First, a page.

Incidence of and risk factors for febrile morbidity after laparoscopic-assisted vaginal hysterectomy
Received 13 November 2013
Accepted for publication 4 February 2014
Published 8 April 2014 Volume 2014:6 Pages 385—388
Checked for plagiarism Yes
Review by Single anonymous peer review
Peer reviewer comments 2
Iyara Wongpia, Jadsada Thinkhamrop, Kanok Seejorn, Pranom Buppasiri, Sanguanchoke Luanratanakorn, Teerayut Temtanakitpaisan, Kovit Khampitak
Department of Obstetrics and Gynecology, Faculty of Medicine, Khon Kaen University, Khon Kaen, Thailand
Background: The purpose of this study was to assess the incidence of and risk factors for postoperative febrile morbidity after laparoscopic-assisted vaginal hysterectomy (LAVH).
Methods: This retrospective study was carried out using the medical records of women with benign gynecologic conditions who underwent LAVH between June 2007 and May 2012 at Srinagarind Hospital in Thailand. Data were collected to assess baseline patient characteristics, occurrence of body temperature ≥38°C on two occasions at least 6 hours apart in the 24 hours following the surgical procedure, and possible risk factors related to postoperative febrile morbidity.
Results: In total, 199 women underwent LAVH during the study period. They had a mean age of 46±6 years, a mean body mass index of 24.0±3.2 kg/m2, a mean surgical duration of 134±52 minutes, median estimated blood loss of 200 mL, a mean total hospital stay of 5±2 days, and a mean postoperative hospital stay of 3±2 days. Postoperative febrile morbidity was documented in 31 cases (15.6%). The cause of postoperative fever was unknown in most cases, with only two cases having an identifiable cause. The risk of postoperative febrile morbidity was highest in women treated with more than two antibacterial agents and with a regimen of more than 3 days.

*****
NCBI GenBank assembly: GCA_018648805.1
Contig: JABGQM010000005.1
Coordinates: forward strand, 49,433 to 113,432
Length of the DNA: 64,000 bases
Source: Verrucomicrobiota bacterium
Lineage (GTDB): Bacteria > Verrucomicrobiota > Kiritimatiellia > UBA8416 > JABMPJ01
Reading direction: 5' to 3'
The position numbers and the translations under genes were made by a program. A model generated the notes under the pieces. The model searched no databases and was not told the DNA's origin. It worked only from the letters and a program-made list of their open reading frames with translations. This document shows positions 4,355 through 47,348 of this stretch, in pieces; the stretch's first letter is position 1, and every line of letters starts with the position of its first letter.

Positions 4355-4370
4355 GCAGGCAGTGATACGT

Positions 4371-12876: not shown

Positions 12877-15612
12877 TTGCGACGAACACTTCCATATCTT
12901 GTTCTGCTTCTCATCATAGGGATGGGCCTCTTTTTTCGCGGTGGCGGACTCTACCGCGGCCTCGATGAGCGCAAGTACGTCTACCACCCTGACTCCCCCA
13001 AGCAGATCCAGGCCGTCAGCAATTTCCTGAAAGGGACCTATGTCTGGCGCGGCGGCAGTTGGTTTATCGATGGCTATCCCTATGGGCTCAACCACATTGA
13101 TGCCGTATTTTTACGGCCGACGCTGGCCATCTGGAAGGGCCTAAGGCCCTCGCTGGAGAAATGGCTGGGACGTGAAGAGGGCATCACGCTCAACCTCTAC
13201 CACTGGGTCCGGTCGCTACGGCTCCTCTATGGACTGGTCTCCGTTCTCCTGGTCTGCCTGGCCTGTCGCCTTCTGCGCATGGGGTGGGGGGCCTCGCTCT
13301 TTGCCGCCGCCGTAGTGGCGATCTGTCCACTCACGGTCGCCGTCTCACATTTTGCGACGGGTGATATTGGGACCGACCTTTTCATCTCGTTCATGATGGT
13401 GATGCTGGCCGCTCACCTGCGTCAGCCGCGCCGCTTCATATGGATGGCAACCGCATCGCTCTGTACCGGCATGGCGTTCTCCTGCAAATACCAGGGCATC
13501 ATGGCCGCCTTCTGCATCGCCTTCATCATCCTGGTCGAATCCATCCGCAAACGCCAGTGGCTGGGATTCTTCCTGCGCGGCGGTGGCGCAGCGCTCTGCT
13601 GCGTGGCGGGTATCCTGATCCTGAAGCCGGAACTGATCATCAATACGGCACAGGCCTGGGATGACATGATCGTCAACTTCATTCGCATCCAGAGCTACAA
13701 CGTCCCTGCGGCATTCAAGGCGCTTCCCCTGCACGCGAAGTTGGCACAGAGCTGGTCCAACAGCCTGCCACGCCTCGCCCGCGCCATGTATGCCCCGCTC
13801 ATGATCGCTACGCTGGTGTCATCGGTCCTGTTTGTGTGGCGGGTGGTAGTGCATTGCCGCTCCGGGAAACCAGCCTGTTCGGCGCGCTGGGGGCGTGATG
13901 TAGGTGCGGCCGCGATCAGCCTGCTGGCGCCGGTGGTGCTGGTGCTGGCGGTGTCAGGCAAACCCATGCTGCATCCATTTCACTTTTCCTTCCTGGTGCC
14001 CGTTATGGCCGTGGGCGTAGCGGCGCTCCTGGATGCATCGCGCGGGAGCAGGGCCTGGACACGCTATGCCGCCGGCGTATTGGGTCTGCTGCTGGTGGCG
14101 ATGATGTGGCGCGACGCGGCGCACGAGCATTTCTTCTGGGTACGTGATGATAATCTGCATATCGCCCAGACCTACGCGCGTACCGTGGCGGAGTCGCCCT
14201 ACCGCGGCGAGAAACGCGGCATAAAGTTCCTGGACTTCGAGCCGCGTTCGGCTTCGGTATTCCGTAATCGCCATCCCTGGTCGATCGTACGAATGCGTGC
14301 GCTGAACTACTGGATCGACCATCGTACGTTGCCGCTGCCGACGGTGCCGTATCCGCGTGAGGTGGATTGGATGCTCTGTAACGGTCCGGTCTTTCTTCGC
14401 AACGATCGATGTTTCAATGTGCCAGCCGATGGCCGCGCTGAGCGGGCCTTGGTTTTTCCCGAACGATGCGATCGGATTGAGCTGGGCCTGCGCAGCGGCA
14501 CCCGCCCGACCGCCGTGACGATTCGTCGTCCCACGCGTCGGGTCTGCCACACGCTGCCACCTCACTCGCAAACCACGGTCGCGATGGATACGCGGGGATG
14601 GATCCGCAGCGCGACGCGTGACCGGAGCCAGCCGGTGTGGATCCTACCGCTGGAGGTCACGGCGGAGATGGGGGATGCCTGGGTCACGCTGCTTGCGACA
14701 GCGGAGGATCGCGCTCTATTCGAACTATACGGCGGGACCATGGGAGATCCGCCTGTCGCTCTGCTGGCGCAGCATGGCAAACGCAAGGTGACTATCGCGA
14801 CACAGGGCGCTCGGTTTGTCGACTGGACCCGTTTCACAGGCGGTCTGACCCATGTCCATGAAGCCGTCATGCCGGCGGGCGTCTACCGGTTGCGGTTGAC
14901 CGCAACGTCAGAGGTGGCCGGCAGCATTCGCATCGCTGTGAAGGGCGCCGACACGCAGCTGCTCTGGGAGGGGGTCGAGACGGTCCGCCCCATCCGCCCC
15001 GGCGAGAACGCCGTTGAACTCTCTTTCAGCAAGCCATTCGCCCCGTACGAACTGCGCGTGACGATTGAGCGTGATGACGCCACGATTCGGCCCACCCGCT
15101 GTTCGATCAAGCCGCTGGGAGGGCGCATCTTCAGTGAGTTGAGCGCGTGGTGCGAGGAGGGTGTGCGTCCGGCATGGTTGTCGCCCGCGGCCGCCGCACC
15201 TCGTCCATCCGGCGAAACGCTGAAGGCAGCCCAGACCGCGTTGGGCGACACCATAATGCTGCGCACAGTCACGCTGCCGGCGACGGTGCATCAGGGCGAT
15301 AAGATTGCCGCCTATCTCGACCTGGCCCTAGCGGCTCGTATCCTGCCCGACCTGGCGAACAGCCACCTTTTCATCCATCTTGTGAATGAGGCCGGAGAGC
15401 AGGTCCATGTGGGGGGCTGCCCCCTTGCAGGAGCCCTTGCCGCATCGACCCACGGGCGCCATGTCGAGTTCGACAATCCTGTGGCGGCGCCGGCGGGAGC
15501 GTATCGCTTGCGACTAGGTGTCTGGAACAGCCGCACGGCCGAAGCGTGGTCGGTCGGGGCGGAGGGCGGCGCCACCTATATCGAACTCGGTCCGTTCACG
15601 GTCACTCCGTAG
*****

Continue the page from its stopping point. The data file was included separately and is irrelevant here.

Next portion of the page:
Conclusion: This study shows a moderately high rate of febrile morbidity after LAVH, for which the main risk factors were use of multiple drugs and doses for antibiotic prophylaxis.
Keywords: laparoscopic-assisted vaginal hysterectomy, febrile morbidity, incidence, risk factors
Laparoscopic-assisted vaginal hysterectomy (LAVH) is increasingly being accepted and has become a popular alternative to total abdominal hysterectomy, because it is associated with less postoperative pain, a shorter hospital stay, and less time until return to work. Furthermore, LAVH does not increase intraoperative or postoperative complications and is comparable with total abdominal hysterectomy cost-wise.1–3 The most common morbid event after hysterectomy is infection. Based on more than 30 randomized controlled trials and two meta-analyses, the American College of Obstetricians and Gynecologists recommends use of antibiotic prophylaxis to reduce postoperative infectious morbidity only for vaginal hysterectomy and total abdominal hysterectomy.4 However, the evidence for antibiotic prophylaxis in LAVH is still limited.
LAVH seems to cause less tissue trauma and less contamination than total abdominal hysterectomy. It has been reported that antibiotic prophylaxis reduces the risk of postoperative febrile morbidity after LAVH, abdominal hysterectomy, or vaginal hysterectomy.5 LAVH seems to have lower risk than other routes since it has less tissue manipulation.6 In a study of 1,045 women, the incidence of febrile morbidity in hospital after LAVH decreased from 6.1% in 1994–1997 (462 cases) to 4.5% in 1998–2001 (583 cases), despite all patients receiving antibiotic prophylaxis for one day following surgery.7 This decrease in postoperative febrile morbidity could be interpreted in part as the surgeon gaining more experience with the procedure. In a further two studies for the effectiveness of single-dose versus multiple-dose antibiotic prophylaxis in patients undergoing LAVH, the rate of postoperative infectious morbidity was 5.4% in the single-dose group and 6.1% in the multiple-dose group.8,9 Two studies in Thailand that compared LAVH and total abdominal hysterectomy outcomes and were reported in 2007 and 2012, indicated postoperative febrile and infectious morbidity rates of 18% and 4%, respectively.3,10 The aim of this study was to assess the magnitude of febrile morbidity and related risk factors and to evaluate antibiotic prophylaxis in LAVH with regard to its cost-effectiveness given that its incidence has decreased substantially as surgeons become more experienced with the procedure.